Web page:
However it's the product on the pitch that will keep the fans coming. I speak from experience with my own son. His first season was the promotion from League One and now he is hooked. The glory of seeing a successful side made him hungry for more. Now it's him that's up out of his seat more than me, showing a passion for the team which is slowly being sucked out of me. Asked what he wanted to do on his 13th birthday next weekend, he had no hesitation in asking to go to Wolves, despite the fact it will be a six hour round trip which is bound to end in defeat. Any child being treated to a day at Elland Road to see the current team would be within their rights to report their parents to Childline.

As discussed last week, the team seem to perform better on the big occasions, and if we can at least get the crowds back around the 25K mark on a regular basis, the atmosphere in the ground will surely improve.

That's an idea for the short term, and at the moment that is all that Leeds United seem to be planning for. There has been no mention of a new contract for the manager (and I pray that there isn't one) but also there has been no clarification that this will be Neil Warnock's final season. With all the criticism fired the way of Luciano Becchio for not committing his long term future to the club, there is little sign of what the club is committing to the future in the long term.

In my opinion it is the medium to long term that Leeds need to be looking. When it is confirmed that Leeds can't make the play-offs this season, it will mean that they have been outside the top flight for nine years, longer than the "dark days" of the 80's and including three seasons in the third tier. Without significant investment on the field in the short term, which it seems GFH are incapable of, the club need to take a longer term strategy to ensure that the club are in a position to return to the Premier League by 2016.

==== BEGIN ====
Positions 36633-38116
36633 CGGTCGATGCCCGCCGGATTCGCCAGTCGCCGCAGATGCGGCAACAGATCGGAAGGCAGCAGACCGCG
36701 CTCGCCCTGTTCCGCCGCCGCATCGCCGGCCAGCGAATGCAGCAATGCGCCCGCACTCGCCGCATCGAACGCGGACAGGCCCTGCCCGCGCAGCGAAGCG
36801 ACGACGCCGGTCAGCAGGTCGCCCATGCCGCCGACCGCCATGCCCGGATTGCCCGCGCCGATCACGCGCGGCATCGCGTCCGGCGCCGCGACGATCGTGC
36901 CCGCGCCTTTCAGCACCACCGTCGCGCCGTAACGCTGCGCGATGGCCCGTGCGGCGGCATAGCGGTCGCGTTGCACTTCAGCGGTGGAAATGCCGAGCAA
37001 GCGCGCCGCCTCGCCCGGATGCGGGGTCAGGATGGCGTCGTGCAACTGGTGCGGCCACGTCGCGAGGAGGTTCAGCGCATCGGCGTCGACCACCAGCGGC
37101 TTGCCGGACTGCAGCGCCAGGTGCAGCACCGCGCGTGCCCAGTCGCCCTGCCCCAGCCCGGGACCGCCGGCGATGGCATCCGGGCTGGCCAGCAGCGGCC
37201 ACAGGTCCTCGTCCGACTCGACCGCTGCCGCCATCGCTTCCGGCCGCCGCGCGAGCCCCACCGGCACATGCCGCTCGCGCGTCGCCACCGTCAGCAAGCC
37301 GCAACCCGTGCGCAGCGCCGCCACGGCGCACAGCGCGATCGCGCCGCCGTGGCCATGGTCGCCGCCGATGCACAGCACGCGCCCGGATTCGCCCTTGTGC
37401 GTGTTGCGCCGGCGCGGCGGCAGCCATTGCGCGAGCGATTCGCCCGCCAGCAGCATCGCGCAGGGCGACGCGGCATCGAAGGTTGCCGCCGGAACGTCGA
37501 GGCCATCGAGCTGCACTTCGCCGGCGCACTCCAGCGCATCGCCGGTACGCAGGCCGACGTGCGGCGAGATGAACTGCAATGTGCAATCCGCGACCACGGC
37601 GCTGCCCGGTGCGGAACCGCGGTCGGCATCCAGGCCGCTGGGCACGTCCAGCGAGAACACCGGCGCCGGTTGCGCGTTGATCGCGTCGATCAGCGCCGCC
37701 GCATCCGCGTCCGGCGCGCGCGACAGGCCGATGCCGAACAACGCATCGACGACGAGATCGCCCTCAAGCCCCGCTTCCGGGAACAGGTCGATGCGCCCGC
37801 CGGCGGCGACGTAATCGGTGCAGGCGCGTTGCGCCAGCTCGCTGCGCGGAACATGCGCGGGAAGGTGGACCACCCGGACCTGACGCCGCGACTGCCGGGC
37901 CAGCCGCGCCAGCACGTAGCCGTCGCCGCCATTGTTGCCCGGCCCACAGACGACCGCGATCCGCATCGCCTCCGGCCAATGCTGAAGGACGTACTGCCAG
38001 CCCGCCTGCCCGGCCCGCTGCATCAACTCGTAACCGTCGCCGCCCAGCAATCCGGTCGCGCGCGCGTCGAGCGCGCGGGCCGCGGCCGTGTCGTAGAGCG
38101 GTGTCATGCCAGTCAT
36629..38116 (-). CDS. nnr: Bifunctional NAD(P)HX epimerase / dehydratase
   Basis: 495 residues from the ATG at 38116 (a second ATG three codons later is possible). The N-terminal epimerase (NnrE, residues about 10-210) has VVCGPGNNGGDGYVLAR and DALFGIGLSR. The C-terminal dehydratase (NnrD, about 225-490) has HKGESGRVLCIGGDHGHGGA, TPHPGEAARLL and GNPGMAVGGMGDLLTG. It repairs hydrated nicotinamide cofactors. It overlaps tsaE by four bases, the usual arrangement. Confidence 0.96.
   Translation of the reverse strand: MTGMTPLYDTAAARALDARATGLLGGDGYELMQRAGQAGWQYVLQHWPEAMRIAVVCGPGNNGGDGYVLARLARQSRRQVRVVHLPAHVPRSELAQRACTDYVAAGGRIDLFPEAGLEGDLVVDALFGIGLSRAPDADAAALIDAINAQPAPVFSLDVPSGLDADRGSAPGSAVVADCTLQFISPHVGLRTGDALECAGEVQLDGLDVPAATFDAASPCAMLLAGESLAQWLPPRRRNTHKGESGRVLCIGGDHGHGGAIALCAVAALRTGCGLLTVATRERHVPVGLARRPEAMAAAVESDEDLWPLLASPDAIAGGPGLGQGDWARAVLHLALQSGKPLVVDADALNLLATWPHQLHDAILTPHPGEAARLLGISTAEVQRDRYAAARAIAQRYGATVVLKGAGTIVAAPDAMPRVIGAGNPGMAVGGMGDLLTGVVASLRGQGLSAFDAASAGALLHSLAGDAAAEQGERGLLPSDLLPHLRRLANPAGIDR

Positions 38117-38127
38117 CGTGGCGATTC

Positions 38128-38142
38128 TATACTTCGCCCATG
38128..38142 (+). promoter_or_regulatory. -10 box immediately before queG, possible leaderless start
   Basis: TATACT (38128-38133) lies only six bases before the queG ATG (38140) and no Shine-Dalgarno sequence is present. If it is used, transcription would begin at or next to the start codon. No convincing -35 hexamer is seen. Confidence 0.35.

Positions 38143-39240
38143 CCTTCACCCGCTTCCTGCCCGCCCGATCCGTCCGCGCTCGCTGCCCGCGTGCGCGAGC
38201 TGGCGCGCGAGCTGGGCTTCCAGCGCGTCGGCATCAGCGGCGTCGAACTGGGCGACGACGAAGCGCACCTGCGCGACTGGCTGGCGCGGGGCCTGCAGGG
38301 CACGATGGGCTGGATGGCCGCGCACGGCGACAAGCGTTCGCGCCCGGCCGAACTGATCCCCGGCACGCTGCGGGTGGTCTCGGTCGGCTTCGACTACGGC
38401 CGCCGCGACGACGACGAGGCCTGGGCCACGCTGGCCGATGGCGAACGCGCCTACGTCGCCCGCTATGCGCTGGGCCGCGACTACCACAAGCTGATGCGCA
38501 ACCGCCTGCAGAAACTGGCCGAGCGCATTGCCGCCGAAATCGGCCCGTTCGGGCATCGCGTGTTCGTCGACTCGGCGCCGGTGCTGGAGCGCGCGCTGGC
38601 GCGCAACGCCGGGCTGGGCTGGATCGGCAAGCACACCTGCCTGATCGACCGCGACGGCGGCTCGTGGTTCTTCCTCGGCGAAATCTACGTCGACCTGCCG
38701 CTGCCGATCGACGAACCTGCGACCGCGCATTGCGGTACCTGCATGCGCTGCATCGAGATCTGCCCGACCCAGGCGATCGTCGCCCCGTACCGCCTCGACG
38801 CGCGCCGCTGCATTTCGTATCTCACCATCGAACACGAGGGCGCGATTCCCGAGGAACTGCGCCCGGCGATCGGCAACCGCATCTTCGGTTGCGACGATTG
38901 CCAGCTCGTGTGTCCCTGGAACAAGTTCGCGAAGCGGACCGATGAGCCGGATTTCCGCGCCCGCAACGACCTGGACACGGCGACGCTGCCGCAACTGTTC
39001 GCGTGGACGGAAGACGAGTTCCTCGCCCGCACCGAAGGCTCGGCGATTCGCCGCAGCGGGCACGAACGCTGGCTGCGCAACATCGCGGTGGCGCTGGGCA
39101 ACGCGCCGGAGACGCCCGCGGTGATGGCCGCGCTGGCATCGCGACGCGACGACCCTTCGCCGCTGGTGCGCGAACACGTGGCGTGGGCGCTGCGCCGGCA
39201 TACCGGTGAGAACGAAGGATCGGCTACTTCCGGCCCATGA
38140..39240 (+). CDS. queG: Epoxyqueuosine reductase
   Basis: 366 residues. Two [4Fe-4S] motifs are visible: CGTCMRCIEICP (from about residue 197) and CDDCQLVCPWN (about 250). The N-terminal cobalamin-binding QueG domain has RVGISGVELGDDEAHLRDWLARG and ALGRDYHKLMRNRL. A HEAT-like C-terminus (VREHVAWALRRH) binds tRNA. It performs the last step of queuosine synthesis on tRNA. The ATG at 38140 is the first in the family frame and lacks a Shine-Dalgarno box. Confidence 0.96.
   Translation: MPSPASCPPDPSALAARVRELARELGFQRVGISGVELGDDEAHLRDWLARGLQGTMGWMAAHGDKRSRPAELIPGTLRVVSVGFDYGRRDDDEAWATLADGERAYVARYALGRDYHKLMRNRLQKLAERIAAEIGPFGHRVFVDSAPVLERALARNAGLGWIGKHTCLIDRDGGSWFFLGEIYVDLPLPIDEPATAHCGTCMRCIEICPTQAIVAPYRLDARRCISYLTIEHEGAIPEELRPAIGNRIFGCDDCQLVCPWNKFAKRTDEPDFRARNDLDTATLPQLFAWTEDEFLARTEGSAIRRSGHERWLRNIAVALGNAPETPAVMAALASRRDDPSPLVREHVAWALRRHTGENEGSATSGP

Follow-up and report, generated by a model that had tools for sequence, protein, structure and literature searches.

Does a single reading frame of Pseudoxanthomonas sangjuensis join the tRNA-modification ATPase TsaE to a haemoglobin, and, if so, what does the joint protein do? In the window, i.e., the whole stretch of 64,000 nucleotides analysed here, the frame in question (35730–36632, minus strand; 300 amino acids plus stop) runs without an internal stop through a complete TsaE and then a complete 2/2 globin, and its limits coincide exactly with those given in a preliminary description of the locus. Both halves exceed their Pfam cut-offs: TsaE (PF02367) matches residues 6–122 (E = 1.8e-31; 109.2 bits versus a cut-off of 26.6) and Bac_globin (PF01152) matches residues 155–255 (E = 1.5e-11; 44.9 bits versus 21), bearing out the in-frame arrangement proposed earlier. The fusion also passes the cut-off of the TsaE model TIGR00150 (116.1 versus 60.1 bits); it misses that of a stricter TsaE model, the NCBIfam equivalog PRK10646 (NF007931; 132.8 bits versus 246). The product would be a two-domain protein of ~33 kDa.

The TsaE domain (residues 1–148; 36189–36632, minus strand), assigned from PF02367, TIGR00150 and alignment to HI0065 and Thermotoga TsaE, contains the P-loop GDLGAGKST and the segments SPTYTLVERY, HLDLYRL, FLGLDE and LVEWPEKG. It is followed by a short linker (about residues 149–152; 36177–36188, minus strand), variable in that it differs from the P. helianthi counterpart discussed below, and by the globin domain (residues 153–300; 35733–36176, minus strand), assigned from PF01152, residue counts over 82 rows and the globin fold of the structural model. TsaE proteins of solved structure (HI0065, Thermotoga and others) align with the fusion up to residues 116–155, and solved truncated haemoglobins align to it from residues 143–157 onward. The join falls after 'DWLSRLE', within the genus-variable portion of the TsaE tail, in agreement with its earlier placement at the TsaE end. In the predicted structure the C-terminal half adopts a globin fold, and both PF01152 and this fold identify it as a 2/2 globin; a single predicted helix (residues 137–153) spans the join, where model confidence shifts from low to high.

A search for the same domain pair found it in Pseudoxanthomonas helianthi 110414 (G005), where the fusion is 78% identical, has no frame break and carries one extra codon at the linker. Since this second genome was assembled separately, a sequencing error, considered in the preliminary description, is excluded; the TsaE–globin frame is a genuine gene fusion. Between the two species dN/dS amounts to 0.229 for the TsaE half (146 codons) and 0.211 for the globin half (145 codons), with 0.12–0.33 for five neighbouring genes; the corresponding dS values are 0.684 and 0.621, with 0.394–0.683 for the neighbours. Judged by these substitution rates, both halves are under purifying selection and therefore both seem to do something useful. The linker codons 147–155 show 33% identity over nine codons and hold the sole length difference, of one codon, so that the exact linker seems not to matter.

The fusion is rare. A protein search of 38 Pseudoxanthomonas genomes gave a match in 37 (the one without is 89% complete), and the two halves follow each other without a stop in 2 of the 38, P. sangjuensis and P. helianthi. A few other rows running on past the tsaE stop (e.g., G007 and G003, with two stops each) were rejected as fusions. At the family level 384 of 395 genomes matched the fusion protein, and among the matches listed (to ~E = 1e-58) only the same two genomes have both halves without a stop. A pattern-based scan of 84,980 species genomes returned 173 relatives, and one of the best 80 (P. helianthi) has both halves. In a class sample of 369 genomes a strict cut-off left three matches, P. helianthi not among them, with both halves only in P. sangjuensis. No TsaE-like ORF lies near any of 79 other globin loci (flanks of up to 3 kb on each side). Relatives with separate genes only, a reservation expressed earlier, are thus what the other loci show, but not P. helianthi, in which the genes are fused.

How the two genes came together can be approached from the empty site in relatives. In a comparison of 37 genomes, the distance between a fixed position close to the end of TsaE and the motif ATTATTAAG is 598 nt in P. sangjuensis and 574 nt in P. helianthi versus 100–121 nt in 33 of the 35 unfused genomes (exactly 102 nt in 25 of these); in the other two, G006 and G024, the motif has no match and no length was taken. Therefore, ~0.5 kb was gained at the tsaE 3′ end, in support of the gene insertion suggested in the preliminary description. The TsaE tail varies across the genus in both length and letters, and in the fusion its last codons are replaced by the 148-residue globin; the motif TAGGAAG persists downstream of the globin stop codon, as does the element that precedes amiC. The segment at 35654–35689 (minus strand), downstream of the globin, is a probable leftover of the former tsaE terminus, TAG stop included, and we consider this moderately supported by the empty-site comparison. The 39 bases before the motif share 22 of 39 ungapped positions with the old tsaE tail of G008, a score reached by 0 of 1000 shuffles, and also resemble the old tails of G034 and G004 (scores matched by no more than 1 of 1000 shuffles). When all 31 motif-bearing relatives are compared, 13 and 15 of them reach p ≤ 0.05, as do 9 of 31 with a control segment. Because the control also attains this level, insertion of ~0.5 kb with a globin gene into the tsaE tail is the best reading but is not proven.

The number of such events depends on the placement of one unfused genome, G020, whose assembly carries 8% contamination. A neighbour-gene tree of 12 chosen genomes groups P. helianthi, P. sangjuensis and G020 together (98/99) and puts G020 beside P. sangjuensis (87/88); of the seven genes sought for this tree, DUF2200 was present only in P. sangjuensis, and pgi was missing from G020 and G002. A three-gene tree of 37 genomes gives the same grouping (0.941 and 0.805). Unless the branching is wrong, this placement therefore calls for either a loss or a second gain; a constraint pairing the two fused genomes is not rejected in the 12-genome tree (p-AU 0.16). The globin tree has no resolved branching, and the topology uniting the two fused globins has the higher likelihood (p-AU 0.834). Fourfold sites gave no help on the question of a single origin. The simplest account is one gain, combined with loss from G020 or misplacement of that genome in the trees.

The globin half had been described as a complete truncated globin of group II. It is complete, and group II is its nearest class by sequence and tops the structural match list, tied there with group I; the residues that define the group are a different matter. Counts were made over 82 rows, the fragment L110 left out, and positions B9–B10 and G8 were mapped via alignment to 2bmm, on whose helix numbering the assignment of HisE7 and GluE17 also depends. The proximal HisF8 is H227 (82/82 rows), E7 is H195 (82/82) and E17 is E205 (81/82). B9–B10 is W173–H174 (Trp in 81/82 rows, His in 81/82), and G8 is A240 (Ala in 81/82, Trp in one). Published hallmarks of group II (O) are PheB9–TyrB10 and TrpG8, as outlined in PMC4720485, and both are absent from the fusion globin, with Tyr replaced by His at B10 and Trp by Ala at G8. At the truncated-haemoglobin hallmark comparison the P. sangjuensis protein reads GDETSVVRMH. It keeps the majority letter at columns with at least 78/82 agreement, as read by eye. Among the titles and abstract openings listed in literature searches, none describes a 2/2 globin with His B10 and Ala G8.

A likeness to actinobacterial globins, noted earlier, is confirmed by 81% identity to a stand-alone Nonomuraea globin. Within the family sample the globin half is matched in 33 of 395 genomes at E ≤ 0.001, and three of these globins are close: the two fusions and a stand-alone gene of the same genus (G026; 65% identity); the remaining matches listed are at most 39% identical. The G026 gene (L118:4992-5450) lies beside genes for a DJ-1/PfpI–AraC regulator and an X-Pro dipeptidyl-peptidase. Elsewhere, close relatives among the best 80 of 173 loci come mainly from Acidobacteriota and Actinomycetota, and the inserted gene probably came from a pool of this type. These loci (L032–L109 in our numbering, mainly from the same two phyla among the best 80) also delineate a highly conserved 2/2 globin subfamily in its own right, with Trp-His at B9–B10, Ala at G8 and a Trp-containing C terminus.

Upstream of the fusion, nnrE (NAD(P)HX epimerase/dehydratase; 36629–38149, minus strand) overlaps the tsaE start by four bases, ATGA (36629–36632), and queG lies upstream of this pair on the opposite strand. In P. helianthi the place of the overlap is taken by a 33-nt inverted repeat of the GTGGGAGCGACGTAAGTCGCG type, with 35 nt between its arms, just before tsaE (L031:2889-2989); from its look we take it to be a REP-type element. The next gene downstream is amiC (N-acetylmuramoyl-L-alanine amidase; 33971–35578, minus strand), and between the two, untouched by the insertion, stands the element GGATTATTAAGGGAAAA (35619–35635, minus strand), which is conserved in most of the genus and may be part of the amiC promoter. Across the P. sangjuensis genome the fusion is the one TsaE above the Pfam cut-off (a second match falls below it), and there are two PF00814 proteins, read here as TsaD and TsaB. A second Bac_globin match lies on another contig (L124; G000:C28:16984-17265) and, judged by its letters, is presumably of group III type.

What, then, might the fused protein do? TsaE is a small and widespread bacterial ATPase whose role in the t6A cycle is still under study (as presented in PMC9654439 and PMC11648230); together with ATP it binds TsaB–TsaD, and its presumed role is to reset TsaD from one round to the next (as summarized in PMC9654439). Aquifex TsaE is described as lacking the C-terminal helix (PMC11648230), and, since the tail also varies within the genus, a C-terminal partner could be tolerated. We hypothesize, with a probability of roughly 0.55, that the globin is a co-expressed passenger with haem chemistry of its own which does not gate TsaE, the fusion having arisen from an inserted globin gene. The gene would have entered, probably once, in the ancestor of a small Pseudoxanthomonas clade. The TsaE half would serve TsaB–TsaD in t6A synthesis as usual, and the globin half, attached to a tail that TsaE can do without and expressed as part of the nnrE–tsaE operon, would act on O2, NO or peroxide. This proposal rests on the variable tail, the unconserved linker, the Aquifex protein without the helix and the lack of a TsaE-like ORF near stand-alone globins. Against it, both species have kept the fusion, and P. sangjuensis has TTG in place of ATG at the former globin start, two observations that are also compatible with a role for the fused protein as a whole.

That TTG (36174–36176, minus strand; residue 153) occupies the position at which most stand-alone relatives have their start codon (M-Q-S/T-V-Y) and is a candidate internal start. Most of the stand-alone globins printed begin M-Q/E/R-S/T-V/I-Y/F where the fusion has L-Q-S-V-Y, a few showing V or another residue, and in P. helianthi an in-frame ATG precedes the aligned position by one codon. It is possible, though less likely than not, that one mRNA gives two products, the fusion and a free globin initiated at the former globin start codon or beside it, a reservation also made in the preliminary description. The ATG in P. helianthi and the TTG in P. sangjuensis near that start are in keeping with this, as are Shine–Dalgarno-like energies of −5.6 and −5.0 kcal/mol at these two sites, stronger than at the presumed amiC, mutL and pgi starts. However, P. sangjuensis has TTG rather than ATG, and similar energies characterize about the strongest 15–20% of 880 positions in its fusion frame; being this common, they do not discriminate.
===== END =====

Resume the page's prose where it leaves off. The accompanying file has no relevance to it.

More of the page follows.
To do that the club have to identify a manager who they believe can take them there, who can develop a playing squad that harnesses the best of the youth talent available at the club, harnessed with young hungry players who see Leeds United as a place to attain their footballing goals and not just a final payday to end their career.

There needs to be a cull of veterans who show no passion for the club and the introduction of more player who understand what the club is about. It's no surprise that the fans favourites are the likes of Ross McCormack, Tom Lees and Sam Byram, players who know what the club is about and what it can achieve.

At the moment the club seems rudderless, drifting aimlessly in the middle reaches of the championship. They are dangerous water's to settle in. A look at the teams in the Championship show what can happen when ambition disappears. Nottingham Forest, Crystal Palace, Charlton Athletic, Derby County and Ipswich Town were all regular combatants in the Premier League and all now occupy the same mid-table mediocrity on a regular basis.

I personally would settle for a couple more years in the Championship, as long as the club were making the right moves to progress both on and off the pitch. At the moment the club is standing still, taking on water and in danger of sinking again. Although I want to be part of the band that plays on while the ship goes down, the idea of abandoning ship is become more palatable as the weeks go on.

The club is approaching it's centenary year. Wouldn't it be superb to have a plan in place to take us back to the top of the game by 2019. At the moment it's difficult to know if the club have planned six days in advance, never mind six years.